HCA 1Q16 Earnings Call Notes

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HCA Holdings (HCA) R. Milton Johnson on Q1 2016 Results

1.6% same facility admission growth

“We continue to experience solid growth in inpatient and outpatient volumes as well as surgical and emergency room visits. We believe these results speak the quality of our markets, and the execution of our strategic agenda. Same facility admissions increased 1.6% while same facility equivalent admissions increased 3.1%. Our growth drivers include capital improvements, programmatic developments within our service lines, end market access point development and strategic acquisitions.”

William B. Rutherford – Chief Financial Officer & Executive Vice President

Exchange admissions were 2.6% of total admissions

“Let me touch briefly on health reform. Health reform activity continued to grow in the quarter. In the first quarter, we saw approximately 12,500 same facility exchange admissions as compared to the 9,860 we saw in the first quarter of last year, or about a 27% increase. You may recall, we saw about 11,200 same facility exchange admissions in the fourth quarter of 2015, or 11% increase sequentially quarter-to-quarter. We believe this is largely due to the minimum enrollment (13:27)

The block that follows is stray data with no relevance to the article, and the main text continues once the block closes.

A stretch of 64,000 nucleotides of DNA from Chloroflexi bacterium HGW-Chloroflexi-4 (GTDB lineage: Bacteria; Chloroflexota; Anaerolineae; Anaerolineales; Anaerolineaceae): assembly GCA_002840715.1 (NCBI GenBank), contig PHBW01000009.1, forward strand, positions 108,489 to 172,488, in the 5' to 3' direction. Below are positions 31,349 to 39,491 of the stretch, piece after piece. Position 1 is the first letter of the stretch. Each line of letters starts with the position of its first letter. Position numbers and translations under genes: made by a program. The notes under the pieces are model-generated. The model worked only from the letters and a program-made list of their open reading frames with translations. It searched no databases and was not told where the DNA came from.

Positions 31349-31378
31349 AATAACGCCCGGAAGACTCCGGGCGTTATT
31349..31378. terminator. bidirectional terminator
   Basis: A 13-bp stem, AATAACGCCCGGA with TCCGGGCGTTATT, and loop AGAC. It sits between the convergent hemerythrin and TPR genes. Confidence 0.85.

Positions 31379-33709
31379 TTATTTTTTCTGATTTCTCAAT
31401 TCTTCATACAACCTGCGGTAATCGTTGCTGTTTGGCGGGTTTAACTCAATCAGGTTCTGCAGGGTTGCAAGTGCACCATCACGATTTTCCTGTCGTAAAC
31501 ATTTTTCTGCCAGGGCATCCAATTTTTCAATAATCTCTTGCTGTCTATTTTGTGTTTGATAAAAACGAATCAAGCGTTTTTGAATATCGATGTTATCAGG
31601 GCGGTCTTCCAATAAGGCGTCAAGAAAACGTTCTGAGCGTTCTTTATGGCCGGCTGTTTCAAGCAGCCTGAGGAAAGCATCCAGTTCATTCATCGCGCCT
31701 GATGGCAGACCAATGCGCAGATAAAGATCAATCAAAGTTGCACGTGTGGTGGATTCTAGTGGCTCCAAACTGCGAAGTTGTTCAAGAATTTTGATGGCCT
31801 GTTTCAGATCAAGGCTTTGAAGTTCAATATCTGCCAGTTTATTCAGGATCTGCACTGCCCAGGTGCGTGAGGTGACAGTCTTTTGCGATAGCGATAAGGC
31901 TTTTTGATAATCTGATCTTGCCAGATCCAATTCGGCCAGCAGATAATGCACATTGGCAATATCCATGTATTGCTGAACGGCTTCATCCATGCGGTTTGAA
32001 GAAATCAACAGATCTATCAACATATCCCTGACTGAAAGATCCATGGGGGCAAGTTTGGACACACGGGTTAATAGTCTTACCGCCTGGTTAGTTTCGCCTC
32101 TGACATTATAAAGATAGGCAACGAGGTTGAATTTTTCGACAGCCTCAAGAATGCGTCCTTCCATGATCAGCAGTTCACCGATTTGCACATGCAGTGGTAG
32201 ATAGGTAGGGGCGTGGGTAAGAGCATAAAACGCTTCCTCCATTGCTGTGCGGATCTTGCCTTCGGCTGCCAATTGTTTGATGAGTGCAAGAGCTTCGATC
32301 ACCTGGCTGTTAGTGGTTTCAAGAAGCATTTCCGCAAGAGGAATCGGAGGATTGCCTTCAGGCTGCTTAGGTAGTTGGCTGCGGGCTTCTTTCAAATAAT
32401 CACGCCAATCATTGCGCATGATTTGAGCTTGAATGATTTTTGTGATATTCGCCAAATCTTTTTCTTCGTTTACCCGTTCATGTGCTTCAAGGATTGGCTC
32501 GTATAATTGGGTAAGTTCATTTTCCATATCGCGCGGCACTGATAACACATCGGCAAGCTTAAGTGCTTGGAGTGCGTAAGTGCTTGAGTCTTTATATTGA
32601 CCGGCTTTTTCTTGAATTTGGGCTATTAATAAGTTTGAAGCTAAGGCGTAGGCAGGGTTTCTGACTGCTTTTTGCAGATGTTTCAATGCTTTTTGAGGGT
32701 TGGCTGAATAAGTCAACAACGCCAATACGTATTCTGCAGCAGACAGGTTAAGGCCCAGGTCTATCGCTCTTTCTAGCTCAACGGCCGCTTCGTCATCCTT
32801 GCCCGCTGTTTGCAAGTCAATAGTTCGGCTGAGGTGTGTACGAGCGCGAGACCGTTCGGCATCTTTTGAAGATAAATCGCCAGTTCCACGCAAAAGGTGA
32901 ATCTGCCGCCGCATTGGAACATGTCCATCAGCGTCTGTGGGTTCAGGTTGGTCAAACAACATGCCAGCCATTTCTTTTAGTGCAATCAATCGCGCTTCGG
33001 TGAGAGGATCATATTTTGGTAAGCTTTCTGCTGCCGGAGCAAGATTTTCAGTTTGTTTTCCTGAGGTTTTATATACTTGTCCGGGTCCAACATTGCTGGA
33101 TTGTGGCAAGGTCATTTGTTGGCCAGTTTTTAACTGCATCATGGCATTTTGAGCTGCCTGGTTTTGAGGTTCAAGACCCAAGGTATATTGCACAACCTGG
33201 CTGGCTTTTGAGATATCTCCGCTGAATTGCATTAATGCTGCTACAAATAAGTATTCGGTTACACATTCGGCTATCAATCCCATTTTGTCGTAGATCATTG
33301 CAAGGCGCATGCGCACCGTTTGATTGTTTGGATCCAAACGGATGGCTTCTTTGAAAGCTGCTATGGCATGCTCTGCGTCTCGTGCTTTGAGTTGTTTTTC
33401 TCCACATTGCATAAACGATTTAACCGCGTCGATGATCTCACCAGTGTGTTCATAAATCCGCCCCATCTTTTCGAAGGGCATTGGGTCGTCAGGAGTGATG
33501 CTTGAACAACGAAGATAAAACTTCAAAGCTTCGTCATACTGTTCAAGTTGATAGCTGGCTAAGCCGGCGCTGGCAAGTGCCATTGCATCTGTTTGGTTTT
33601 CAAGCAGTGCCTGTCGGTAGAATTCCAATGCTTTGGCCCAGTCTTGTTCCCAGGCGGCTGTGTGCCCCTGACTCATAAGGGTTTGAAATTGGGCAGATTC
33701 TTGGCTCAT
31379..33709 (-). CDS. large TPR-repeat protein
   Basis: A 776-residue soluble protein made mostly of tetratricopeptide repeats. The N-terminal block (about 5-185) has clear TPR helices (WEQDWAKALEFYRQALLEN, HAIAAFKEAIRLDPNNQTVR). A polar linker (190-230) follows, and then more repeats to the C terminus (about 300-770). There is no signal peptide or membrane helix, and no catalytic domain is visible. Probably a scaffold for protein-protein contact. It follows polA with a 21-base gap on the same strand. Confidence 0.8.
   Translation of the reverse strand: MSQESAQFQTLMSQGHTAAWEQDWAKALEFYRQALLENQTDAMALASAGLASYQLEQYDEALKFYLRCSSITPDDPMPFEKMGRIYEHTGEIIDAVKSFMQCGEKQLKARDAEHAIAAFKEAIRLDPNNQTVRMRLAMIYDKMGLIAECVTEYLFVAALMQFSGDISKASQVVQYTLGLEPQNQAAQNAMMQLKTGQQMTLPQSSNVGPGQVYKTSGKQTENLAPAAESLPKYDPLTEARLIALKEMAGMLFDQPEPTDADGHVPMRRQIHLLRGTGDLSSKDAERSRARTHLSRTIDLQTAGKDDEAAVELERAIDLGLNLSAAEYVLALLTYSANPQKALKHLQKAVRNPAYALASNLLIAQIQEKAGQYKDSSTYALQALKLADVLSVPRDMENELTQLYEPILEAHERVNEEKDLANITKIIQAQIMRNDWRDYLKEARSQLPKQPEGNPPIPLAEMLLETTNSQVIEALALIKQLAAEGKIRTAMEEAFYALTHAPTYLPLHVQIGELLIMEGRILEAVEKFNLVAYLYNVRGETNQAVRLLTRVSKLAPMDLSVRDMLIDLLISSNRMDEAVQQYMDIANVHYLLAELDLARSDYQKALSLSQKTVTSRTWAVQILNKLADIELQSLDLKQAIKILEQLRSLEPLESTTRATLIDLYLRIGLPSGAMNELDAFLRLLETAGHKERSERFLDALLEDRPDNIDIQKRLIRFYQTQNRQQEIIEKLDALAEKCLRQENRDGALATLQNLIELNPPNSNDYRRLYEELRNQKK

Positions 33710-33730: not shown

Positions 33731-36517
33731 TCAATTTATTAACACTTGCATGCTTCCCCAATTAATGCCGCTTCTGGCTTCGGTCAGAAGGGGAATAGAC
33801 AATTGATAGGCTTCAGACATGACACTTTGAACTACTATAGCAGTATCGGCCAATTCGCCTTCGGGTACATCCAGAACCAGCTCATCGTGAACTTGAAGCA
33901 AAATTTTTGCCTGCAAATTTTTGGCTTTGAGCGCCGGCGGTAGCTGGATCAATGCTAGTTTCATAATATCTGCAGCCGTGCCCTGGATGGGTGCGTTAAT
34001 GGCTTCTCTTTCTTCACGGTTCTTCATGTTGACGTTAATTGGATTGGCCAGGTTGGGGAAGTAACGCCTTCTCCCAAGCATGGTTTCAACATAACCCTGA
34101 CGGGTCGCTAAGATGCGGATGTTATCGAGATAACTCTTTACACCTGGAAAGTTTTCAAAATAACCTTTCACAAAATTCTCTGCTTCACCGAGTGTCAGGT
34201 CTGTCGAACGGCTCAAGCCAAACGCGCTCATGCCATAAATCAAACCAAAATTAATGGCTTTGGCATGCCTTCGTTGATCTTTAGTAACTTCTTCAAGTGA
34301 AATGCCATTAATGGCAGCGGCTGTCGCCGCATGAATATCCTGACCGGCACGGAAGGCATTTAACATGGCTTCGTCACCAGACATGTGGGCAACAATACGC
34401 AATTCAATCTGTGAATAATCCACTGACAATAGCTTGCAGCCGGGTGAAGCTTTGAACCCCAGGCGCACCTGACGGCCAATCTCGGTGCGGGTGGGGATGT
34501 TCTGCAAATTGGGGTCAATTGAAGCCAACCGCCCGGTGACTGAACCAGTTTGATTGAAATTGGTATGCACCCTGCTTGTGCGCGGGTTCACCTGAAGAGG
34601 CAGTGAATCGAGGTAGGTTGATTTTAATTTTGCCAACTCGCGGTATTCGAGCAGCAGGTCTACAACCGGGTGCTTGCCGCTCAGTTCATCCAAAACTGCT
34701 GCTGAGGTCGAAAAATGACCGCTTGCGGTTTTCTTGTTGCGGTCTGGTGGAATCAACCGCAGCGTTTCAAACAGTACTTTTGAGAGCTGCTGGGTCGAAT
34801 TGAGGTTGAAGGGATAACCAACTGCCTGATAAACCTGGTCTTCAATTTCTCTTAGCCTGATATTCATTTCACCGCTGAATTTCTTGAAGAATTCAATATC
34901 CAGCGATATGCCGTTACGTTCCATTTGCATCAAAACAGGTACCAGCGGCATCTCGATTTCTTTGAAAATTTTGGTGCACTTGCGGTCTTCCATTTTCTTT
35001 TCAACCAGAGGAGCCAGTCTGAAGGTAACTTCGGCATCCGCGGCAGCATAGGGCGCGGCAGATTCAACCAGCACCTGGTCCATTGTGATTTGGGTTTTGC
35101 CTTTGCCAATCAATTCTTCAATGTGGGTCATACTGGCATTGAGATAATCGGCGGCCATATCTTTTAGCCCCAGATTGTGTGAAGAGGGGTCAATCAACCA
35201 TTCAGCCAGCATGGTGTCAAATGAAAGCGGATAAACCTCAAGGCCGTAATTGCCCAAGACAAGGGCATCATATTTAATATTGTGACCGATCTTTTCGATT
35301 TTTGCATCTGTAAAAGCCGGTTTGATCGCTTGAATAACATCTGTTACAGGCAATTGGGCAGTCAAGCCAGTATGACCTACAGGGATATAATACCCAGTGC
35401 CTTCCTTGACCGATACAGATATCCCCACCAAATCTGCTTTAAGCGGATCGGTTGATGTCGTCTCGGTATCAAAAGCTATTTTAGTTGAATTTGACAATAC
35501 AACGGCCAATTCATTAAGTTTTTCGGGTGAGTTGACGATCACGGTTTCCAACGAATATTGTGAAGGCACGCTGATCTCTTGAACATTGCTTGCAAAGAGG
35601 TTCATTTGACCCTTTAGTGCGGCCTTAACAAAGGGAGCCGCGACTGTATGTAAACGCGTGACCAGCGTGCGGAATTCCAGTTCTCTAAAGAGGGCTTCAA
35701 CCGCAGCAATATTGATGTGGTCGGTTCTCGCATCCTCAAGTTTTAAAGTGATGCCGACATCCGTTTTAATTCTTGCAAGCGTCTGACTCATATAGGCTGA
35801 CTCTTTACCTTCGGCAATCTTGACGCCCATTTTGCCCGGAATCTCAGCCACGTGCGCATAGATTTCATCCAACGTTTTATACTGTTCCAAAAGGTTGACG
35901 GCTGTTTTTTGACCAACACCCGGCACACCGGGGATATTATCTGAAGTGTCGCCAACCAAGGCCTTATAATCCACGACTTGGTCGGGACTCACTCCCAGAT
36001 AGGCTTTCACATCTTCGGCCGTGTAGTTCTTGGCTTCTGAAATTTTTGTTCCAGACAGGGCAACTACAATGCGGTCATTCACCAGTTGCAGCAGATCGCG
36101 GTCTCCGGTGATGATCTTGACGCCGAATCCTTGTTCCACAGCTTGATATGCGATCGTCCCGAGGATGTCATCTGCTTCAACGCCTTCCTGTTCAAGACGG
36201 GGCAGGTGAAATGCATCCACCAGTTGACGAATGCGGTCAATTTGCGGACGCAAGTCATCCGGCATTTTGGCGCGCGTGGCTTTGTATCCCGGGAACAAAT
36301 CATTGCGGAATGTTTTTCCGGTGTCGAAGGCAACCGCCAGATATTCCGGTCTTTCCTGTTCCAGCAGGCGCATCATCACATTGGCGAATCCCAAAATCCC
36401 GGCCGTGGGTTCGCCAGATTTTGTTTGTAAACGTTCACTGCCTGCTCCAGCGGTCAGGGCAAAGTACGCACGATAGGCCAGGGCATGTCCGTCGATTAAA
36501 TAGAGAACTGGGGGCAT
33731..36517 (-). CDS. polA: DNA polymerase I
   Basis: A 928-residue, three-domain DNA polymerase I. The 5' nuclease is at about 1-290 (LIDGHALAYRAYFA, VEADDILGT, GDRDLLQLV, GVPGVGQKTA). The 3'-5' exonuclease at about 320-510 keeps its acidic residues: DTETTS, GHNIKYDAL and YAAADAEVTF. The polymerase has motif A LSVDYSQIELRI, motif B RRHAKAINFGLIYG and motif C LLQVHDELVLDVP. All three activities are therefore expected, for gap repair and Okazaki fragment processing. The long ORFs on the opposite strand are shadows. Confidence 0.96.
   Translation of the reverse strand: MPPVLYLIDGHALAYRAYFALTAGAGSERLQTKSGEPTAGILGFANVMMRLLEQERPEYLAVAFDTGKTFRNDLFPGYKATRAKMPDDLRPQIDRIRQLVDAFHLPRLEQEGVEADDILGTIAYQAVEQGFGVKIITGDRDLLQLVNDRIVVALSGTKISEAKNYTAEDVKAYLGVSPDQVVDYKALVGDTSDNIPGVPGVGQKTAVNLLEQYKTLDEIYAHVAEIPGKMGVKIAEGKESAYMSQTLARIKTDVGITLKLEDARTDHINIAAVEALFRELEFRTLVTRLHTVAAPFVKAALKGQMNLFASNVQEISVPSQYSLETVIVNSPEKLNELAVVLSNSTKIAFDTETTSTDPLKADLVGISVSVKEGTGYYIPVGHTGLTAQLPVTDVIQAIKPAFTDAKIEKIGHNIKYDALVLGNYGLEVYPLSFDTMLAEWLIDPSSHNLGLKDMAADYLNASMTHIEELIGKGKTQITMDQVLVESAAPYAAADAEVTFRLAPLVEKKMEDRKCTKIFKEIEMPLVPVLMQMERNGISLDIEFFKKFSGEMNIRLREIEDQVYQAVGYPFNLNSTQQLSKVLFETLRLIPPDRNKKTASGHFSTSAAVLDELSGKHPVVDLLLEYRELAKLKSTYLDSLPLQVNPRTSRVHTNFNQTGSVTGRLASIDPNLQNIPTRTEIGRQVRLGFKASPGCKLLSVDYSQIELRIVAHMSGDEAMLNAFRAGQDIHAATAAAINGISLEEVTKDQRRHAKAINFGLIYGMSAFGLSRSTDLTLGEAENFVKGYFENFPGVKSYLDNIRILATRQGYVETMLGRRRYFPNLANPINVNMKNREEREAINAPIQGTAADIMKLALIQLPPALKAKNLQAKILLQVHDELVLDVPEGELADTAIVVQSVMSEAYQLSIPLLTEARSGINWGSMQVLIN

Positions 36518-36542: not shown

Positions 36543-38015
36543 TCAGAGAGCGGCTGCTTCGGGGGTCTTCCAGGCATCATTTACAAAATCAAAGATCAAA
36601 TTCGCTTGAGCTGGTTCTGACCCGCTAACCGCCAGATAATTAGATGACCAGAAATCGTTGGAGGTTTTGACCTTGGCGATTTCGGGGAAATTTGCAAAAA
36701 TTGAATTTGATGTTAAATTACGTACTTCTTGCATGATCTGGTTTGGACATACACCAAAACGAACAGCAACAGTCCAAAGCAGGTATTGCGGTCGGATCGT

For perspective, exchange admissions represent about 2.6% of total admissions for the company. We saw approximately 50,000 same facility exchange ER visits in the first quarter compared to the approximate 37,000 visits in the first quarter of 2015 and 38,000 visits in the fourth quarter of 2015. Overall, our exchange and reform activity is in line with our expectations.”

Samuel N. Hazen – Chief Operating Officer

Outpatient surgeries have grown

” our outpatient surgeries have grown very consistently over the same 12 quarters, 13 quarters, with a little bit of acceleration in this first quarter. And I can’t really point to why it accelerated in the first quarter as compared to the trend. But our efforts are broad-based. ”

ER and urgent care are filling a gap left by not enough primary care physicians

“I don’t know that the ER as a venue, if you will, is changing in any significant way. I do believe, though, that urgent care and emergency rooms over the past three years to five years, and I think this will be the case going forward, is still a substitute for the shortages of primary care physicians that exist in a lot of markets. And so you see urgent care, freestanding emergency rooms, and even hospital-based emergency rooms, providing the solution that patients are looking for when they can’t get into a physician clinic because of physician shortages, or because of payer dynamics.”